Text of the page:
Tarantula, Or Tarentula, a terrestrial hunting or wolf spider of S. Europe, belonging to the genus lycosa, the L. tarentula (Latr.). It is the largest of European spiders, measuring 1½ to 2 in. in the length of the body; the color is ashy brown above, marked with gray on the thorax, and with triangular spots and curved streaks of black bordered with white on the abdomen; below saffron-colored, with a transverse black band. It received its popular name from being common in the vicinity of Taranto in S. Italy. It makes no web, wandering for prey, which it runs down with great swiftness, and hiding in holes in the ground and crevices lined with its silk; it has one spiracle on each side, one pulmonary sac, and eight eyes. Its bite was once considered highly poisonous, producing the nervous febrile condition called tarantism, which was supposed to be curable only by dancing to lively music until the person fell exhausted. - The L. Carolinensis (Bosc) is called tarantula in the southern states; it attains a length of 2 in. with an extent of legs of 4 in.; it is mouse-colored above, with white sides and whitish dots and lines on the abdomen; below blackish; legs whitish tipped with black. It makes deep excavations in the ground, which it lines with .silk; the females carry their young on the back.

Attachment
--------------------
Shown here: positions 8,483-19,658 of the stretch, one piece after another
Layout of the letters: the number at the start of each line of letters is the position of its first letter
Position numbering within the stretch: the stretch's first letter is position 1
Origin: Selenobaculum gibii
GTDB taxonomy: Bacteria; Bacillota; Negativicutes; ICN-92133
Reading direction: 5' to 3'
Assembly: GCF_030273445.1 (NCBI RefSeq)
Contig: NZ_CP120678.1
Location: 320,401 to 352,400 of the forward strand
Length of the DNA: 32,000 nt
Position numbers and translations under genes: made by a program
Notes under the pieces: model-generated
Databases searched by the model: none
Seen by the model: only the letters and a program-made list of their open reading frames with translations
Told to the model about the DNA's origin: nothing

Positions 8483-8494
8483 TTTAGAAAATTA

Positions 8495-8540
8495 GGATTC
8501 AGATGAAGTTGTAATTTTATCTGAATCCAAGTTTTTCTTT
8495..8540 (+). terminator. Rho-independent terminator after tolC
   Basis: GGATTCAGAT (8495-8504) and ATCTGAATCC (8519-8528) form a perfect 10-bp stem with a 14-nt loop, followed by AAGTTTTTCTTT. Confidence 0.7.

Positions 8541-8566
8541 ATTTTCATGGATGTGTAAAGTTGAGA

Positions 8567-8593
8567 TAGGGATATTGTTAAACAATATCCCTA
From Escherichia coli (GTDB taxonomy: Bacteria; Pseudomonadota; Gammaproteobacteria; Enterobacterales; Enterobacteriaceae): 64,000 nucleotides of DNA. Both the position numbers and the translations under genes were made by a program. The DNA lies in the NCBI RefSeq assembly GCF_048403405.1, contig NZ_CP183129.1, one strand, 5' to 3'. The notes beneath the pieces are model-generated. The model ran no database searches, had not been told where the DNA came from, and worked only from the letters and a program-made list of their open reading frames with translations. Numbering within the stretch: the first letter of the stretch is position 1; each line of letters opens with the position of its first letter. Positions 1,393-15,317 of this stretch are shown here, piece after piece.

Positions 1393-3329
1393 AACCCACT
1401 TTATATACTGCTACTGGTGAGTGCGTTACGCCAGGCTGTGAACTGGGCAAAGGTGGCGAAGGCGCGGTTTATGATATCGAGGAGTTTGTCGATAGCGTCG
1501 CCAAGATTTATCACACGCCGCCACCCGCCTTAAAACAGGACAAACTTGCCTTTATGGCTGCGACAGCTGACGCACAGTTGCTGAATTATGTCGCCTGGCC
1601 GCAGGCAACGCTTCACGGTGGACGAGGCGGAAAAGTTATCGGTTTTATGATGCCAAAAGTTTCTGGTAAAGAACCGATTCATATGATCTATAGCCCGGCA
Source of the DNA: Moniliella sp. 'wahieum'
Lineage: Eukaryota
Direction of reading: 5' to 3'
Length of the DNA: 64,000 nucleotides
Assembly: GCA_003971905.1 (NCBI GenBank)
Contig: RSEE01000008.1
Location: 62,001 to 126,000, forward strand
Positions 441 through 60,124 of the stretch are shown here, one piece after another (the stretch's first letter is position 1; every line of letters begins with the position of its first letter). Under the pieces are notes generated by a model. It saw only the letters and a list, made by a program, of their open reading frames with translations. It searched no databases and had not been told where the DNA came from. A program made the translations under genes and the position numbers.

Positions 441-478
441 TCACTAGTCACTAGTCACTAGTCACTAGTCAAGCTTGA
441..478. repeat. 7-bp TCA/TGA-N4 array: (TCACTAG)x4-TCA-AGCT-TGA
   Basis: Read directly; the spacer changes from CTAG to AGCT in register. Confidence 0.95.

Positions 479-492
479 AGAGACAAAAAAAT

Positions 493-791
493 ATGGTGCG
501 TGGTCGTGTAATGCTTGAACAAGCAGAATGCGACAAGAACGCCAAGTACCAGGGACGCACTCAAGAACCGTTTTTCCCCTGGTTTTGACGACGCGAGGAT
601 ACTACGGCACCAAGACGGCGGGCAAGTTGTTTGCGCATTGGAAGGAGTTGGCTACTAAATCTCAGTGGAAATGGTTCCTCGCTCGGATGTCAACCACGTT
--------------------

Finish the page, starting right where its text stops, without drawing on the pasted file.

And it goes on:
Its poison is active, and might cause troublesome symptoms 'in man if the fangs could be opened at an angle proper to pierce his skin. The great hairy spiders of the genus mygale are called tarantulas in the southwestern states, and are destroyed by the large red-winged wasp, pompilus formosus.